Koo says fixed wireless costs about one fifth to one tenth the price of fiber. Also, Rise Broadband builds its network one tower at a time, which, he says, is more capital efficient and can deploy in months instead of years.
Other Internet companies say they will focus on the Front Range. In April, Comcast Business announced it will expand its advanced network across the Denver metro area, investing more than $10 million to deliver an Ethernet and commercial Wi-Fi experience to more enterprises located in metro areas, including downtown Denver, Aurora, Englewood, Castle Rock, Wheat Ridge and others, according to Leslie Oliver, director, media and external communications, Mountain West Region.
That does not include the rural areas that recently voted to have their local governments build their own networks. “The vast majority of Colorado communities that pursued an override of SB 152 are not located in Comcast’s footprint.”
It is too early to tell whether these cities will build their own networks or partner with companies. Collaboration will be key, says Mitisek, from CTA. “The industry would love to sit at the table and look at new ideas.”
In December FORETHOUGHT.net, the parent company of Brainstorm Internet, announced it had purchased Vidion, an existing cable company serving Silverton, and that it planned to bring high speed service to the area. “We are taking a two-phase approach,” says Jawaid Bazyar, president of FORETHOUGHT.net. “The fastest and least expensive way to get modern broadband speed to people is to leverage the existing cable TV facilities in Silverton. Phase two will come down the road. We will start to replace the copper cable with fiber cable to deliver full gigabit speeds.”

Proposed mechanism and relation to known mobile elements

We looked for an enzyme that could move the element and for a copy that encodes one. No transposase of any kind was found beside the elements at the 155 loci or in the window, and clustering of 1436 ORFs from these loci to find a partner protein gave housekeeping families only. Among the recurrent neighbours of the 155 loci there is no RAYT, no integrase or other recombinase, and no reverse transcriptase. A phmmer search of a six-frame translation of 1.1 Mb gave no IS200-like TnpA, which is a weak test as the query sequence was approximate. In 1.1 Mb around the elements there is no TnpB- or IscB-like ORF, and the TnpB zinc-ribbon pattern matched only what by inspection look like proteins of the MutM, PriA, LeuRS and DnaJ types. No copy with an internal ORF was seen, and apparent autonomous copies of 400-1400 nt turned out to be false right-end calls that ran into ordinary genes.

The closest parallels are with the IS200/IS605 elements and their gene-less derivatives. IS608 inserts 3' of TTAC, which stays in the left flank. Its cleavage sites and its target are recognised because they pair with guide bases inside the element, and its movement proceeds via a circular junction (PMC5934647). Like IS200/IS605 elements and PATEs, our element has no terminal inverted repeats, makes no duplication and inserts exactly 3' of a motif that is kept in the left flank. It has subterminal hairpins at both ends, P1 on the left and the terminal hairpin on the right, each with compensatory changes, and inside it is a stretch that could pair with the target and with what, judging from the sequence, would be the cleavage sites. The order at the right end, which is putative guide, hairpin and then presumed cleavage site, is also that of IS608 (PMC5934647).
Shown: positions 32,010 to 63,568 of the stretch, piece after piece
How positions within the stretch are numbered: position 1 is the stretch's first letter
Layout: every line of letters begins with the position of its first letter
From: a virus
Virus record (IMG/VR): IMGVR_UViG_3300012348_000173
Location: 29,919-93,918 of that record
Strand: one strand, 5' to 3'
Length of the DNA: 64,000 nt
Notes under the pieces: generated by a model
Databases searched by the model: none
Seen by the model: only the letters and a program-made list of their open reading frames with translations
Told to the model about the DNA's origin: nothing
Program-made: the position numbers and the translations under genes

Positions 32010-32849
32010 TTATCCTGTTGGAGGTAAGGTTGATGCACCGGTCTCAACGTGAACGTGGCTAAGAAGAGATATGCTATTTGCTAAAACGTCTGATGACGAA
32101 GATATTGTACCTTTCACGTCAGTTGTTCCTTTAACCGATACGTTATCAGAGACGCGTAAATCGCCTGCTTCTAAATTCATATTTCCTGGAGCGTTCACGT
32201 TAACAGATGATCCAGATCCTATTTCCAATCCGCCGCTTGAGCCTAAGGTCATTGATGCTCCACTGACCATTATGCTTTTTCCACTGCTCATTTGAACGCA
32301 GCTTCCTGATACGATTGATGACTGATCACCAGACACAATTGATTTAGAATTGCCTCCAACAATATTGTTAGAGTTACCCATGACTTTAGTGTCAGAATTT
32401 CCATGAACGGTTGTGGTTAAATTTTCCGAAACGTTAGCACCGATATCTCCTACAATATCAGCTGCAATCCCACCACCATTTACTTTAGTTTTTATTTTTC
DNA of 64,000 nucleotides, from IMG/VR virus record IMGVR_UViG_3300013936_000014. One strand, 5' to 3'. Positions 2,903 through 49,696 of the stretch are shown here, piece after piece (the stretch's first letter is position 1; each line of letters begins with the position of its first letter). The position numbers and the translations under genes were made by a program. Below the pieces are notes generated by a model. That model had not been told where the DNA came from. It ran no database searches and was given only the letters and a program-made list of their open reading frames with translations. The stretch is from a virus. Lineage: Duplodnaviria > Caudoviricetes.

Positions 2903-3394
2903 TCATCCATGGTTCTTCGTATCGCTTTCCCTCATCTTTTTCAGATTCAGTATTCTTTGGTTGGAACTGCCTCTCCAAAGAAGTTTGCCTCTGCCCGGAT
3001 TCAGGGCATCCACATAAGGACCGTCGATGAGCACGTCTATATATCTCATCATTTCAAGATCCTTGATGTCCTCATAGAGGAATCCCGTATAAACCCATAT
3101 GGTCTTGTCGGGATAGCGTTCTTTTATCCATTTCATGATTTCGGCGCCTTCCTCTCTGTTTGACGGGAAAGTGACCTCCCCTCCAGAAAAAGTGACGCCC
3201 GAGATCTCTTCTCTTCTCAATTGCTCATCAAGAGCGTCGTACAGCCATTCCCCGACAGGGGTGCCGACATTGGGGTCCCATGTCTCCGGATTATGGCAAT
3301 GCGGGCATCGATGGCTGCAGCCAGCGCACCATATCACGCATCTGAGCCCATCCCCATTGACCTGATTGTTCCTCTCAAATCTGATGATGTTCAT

Bazyar says residents and businesses have been asking for high speed Internet. “When the tourist train rolls into town, the cell phone tower gets congested, and data for everyone in town slows to a crawl. It’s not just businesses, it’s everyone in town, as Silverton has to date been connected to the world via a very slow wireless link.” The company expects service to be up in January. cb
Broadband beyond Colorado
Colorado is not the only state dealing with broadband and local control issues. In Kansas, a 2014 senate bill, written by the Kansas Cable Telecommunications Association that would ban municipal broadband networks , did not pass. In Missouri, House Bill 437 would have limited municipal competitive services such as broadband, but the bill failed. In Georgia, the legislature did not pass a bill that would have banned municipal broadband.
Meanwhile some cities have successfully launched their own broadband. Chattanooga, Tenn. began offering city-run high speed Internet in 2010, through a city agency, the Electric Power Board. Wilson, N.C. operates Greenlight Community Broadband and calls itself North Carolina’s Gigabit City. In Cedar Falls, Iowa, Cedar Falls Utilities (CFU) offers community broadband in packages with names such as FiberHome Quantum Gigabit Broadband.
Though not a municipal network, Google Fiber has been garnering attention as it brings its high speed Internet into cities such as Kansas City, Mo., Austin, Texas and Charlotte, N.C. According to Google Fiber’s blog, Americans are signing up for gigabit Internet at a growth rate of 480 percent each year.